Matt Olson is unable to move his arms or legs. He can manage a little shoulder shrug but hasn't lost a bit of his expressive nature.

"He'll give the therapists an eye roll, but says, 'OK, let's do it,' " Doug Olson said Tuesday morning, 16 days after son Matt suffered a severe spinal injury in a junior hockey game in suburban Chicago.

"Matt's accident is really going to change his life as well as our family's," Doug Olson said, "but the continued support we're getting from so many people is going to make this possible."

Doug and Sue Olson fought back tears during a news conference at Advocate Lutheran General Hospital outside of Chicago as they spoke publicly for the first time about their 20-year-old son's Feb. 21 accident "rendering him immediately quadriplegic," according to neurosurgeon Dr. John Ruge.

Matt, a onetime standout defenseman at Totino-Grace High School in Fridley, brushed against an opponent, then stumbled and fell headfirst into the boards while chasing a puck behind his defensive net.

Olson's family left their home in Isanti, Minn., to be with their son as he begins what Ruge called a "long recovery process" that will "require a lot of resources."

Ruge was part of the team that performed a seven-hour surgery to realign Olson's spinal cord. Ruge also helped identify Olson as a candidate for advanced stem cell therapy and, through the help of the hockey community, he will be the first to receive this treatment on a spinal cord, according to Ruge.

"Matt received a devastating injury during a hockey game," Ruge said. "Initially, I thought his spinal cord was completely severed. … We found it was really severely pinched.

"There is hope, and this is not just your generic hope. The hope is because the spinal cord was not completely severed … and it's completely decompressed now. … The other piece of hope is Matt doesn't have a head injury and has the ability to and strength to cooperate with this therapy, and he's doing that very well."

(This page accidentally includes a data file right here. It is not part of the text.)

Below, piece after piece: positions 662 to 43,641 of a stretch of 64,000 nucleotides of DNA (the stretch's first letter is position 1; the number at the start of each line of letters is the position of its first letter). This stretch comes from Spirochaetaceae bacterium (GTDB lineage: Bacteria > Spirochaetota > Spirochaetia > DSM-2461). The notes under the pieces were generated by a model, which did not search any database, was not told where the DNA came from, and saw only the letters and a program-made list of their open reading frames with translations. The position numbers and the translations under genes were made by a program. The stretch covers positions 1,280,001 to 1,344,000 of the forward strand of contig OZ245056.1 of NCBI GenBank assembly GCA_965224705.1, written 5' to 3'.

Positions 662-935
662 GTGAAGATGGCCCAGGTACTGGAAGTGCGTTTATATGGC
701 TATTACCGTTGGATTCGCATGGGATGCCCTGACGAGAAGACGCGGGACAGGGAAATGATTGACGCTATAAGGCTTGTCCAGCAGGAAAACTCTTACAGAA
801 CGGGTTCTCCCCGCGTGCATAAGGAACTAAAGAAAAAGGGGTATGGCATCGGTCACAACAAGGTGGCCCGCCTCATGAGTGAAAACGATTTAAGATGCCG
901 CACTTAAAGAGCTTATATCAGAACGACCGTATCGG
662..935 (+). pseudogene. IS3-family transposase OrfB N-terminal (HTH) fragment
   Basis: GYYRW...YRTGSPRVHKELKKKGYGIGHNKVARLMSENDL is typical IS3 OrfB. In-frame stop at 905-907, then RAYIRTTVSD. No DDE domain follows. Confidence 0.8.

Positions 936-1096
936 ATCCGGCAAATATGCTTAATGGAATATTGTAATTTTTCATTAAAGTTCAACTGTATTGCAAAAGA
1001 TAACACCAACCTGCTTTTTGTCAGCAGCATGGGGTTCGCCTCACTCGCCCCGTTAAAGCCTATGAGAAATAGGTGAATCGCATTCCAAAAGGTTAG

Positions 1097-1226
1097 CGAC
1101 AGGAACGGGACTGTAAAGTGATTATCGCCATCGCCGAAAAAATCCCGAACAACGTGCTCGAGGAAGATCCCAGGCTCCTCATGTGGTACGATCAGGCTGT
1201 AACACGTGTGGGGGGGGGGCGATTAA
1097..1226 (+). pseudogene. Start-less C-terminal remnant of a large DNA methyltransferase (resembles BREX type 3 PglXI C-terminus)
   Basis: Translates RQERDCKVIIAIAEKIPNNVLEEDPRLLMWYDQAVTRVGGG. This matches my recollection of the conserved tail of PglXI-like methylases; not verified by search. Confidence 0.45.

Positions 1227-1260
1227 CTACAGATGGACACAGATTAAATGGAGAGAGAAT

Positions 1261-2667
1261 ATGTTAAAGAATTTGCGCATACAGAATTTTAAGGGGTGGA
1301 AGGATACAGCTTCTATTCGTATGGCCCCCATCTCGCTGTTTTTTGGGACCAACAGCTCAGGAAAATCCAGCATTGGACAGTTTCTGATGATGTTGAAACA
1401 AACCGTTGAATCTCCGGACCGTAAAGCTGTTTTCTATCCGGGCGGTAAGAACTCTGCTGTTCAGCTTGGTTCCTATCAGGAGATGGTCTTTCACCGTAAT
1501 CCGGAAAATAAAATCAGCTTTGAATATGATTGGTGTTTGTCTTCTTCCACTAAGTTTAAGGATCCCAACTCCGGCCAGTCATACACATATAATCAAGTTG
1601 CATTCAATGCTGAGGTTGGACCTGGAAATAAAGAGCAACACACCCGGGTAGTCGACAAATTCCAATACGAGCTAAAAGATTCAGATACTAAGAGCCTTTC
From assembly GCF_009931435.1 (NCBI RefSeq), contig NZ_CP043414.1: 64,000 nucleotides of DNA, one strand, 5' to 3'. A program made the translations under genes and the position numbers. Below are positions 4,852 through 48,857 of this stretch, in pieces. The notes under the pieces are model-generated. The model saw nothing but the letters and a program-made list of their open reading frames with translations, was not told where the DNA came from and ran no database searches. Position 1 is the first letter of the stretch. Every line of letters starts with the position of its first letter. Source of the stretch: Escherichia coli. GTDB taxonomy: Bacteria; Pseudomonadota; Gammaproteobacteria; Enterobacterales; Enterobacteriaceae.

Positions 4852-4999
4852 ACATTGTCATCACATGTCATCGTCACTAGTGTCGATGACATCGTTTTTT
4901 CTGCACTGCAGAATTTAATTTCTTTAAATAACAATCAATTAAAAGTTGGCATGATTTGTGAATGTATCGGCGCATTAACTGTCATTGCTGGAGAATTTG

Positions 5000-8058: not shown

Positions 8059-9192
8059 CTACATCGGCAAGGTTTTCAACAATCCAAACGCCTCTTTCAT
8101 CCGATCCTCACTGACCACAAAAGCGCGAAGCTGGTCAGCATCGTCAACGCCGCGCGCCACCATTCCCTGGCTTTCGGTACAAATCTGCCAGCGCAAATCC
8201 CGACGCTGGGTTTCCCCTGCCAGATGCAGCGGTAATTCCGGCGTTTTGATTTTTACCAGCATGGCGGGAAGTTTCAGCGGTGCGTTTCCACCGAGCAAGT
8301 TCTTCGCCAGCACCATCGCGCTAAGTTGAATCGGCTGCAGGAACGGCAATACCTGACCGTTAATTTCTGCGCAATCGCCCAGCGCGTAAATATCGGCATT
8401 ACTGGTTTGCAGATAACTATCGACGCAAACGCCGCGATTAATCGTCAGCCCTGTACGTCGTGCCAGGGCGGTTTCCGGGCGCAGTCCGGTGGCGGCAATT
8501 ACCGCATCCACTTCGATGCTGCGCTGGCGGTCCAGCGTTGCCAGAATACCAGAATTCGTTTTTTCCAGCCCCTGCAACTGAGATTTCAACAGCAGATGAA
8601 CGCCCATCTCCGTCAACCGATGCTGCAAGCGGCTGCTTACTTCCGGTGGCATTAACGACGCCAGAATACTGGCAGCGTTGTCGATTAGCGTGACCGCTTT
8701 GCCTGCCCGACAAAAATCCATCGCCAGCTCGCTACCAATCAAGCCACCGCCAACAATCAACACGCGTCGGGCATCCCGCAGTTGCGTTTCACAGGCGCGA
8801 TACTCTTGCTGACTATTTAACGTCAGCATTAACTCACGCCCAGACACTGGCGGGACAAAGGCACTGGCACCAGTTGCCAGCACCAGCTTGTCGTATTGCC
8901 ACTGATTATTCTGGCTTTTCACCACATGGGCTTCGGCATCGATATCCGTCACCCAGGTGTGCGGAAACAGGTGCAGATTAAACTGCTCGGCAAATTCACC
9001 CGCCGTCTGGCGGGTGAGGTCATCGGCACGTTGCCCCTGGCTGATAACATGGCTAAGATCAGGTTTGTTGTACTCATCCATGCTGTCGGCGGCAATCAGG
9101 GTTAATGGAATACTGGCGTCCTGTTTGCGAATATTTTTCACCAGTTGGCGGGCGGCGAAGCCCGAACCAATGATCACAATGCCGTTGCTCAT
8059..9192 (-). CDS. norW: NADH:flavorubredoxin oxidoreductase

The treatment will cost millions of dollars, Ruge said.

The Olson family has already received support from various hockey communities. The Chicago Tribune reported that the Chicago Blackhawks, Rockford Ice Hogs, Florida Panthers and San Jose Sharks have donated memorabilia to Olson's team, the Chicago Cougars, to be auctioned off to help pay for Olson's medical bills.

The Cougars, who play in the U.S. Premier Hockey League, expect the donations to keep coming.

Doug Olson thanked Totino-Grace for spearheading the fundraising in Minnesota and spreading the word about his son.

A fundraising effort was started at to help with expenses. It has topped $100,000 as of Tuesday night.

"All the hockey community has just embraced us," Doug Olson said. "All the fundraising they've been doing has been amazing. … We get a lot of communication from Minnesota."

The parents chose not to discuss the hours after receiving word their son's injury. "We'll share that story another time," Sue Olson said.

Instead, she kept the focus on her son's recovery process: "He's already started some physical therapy, and it's not a pleasant experience. It takes an extreme amount of effort.

"He has the same attitude he's had on the ice that he's displaying now. He wants to get better, and he knows it's going to be tough work, and he's going to tackle it."